The biggest event on the slates of both CenturyLink (NYSE:CTL) and Level 3 (NYSE:LVLT) this year will be their blockbuster $34 billion merger, which was announced on Halloween 2016 and is slated to close in the third quarter of this year.

The telecom space is fierce and changing technologies, consolidation among participants, and tough bargaining between large entities are the norm. Scale is a huge advantage, capital costs can be quite high, and price wars are not uncommon.

No surprise then, that these two companies think they will be stronger as one, rather than fending for themselves. CNBC's David Faber said when CenturyLink's acquisition of Level 3 was announced that some were describing the marriage as an example of "two drunks holding each other up." Here are a few of the key things the companies should be able to do better together than they will apart, assuming there are not too many significant integration issues.

Increase cash flow per share

Merging companies always tout "synergies." In the case of CenturyLink and Level 3, there are certainly some costs that can be taken out once they combine. Beyond typical workforce efficiencies, CenturyLink can can immediately reduce peering fees -- the fees one network needs to pay to connect to another network -- by combining with Level 3. The deal will increase CenturyLink's "on-net" buildings by roughly 75%. "On-net" means the building connects to the company's network directly, without having to link to another company's network (which would require paying wholesale fees).  The companies estimate total synergies at an annual run rate of $975 million.

Puzzle pieces being pushed together.

Image source: Getty Images.

Another way the deal will increase CenturyLink earnings will be the use of Level 3's net operating losses (NOLs). These are losses that Level 3 racked up in previous years as it was building out its network. Since CenturyLink generates lots of earnings and cash flow (albeit declining), the combined company can use these tax credits earlier, which would enable the company to spend more money on its fiber network.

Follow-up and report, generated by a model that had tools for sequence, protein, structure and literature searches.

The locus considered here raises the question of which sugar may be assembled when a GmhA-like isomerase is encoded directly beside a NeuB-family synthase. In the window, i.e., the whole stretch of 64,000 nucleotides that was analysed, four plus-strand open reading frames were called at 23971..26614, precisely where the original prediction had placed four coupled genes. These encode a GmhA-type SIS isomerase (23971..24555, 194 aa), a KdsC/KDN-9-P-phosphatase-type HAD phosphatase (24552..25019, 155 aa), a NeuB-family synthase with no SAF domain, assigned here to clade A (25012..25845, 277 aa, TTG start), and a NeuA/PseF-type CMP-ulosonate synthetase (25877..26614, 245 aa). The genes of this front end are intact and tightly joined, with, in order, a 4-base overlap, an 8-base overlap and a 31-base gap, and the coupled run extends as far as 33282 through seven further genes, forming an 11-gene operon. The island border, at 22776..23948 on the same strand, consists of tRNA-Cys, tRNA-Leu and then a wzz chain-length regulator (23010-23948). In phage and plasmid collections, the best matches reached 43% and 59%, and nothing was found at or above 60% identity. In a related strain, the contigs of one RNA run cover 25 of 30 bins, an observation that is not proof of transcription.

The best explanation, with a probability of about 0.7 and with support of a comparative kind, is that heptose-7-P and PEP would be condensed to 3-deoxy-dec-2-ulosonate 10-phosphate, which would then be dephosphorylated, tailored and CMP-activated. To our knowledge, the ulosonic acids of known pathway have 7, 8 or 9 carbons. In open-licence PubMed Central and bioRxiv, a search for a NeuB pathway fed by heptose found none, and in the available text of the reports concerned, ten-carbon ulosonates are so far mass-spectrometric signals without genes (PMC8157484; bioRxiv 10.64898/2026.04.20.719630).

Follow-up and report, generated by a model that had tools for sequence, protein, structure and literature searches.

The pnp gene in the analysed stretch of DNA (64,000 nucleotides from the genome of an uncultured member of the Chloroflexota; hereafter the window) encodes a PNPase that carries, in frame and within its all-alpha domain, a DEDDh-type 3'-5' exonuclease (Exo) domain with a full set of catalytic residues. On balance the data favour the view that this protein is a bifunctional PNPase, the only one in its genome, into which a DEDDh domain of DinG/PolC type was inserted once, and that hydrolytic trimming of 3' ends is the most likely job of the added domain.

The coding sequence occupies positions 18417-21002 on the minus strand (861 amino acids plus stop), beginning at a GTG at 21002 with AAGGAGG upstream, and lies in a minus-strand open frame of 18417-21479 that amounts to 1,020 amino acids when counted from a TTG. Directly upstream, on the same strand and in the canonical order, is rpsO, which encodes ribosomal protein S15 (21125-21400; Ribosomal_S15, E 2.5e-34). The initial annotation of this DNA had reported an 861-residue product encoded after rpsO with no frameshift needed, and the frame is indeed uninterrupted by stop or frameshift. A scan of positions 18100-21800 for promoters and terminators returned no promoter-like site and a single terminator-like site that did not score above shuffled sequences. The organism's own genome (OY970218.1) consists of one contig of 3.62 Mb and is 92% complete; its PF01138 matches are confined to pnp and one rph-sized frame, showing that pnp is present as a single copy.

Finally, Level 3 will add to CenturyLink's bottom line as CenturyLink expects the transaction to be "accretive to free cash flow in the first full year following the close of the transaction." This should help keep intact CenturyLink's dividend, which currently yields 8.8%.

Combine complementary networks and services

While Level 3 and CenturyLink do have some overlap, their networks are mainly complementary. CenturyLink, based in Louisiana, has its roots in the South and Midwest, and has also branched out to the western states with its acquisition of Qwest in 2011 With Level 3's 200,000 miles of network fiber, the company will have a Tier 1 network that covers virtually all of the major cities in the U.S. Level 3 also brings along an international business with connections to over 60 countries, and Level 3 has enterprise clients in both Latin America and EMEA.

Moreover, the two companies will be able to leverage their different products over the combined customer base. Between the two companies, there are network connections for enterprise and consumers, content delivery networks, cloud services, consulting services, and others. Combined, the companies can effectively be a "one-stop shop" and have the flexibility to provide the right products for its diverse customer base.

Another compelling data point is that both companies seem to have been falling behind the speed race. According to PC Magazine, in 2016, CenturyLink was not even in the top 10 fastest ISPs in the country, and only cracked the top 10 in a single region -- the Northwest -- where it placed fourth. Level 3 also had reason for concern. While it had been at the top of the speed rankings for business ISPs each of the last three years, and boosted its speeds again in 2016, it still wasn't enough. Five other ISPs leap-frogged the company in 2016! If a merger can help the combined entity spend more efficiently on beefing up speeds where it needs to, that is another plus.

Increase scale

Finally, the combined company will be the second-largest enterprise network provider in the country, behind only AT&T (NYSE:T) . Level 3 CEO Jeff Story said "scale matters," numerous times on the merger conference call, per a transcript on Seeking Alpha. This matters not only for the aforementioned reduced peering fees, but it also allows for an easier customer experience.  

Story noted, for instance, that when a company wants its own virtual network to secure a remote computer or location, being a smaller provider means you often have to connect through another company's network. If one owned the entire network, however, the company could more seamlessly connect elements in the network and reduce wholesale fees at the same time.

CenturyLink and Level 3 should get several benefits from the deal, should they execute. And it looks like these benefits are sorely needed.

Billy Duberstein owns shares of AT and T and Level 3 Communications. The Motley Fool has no position in any of the stocks mentioned. The Motley Fool has a disclosure policy.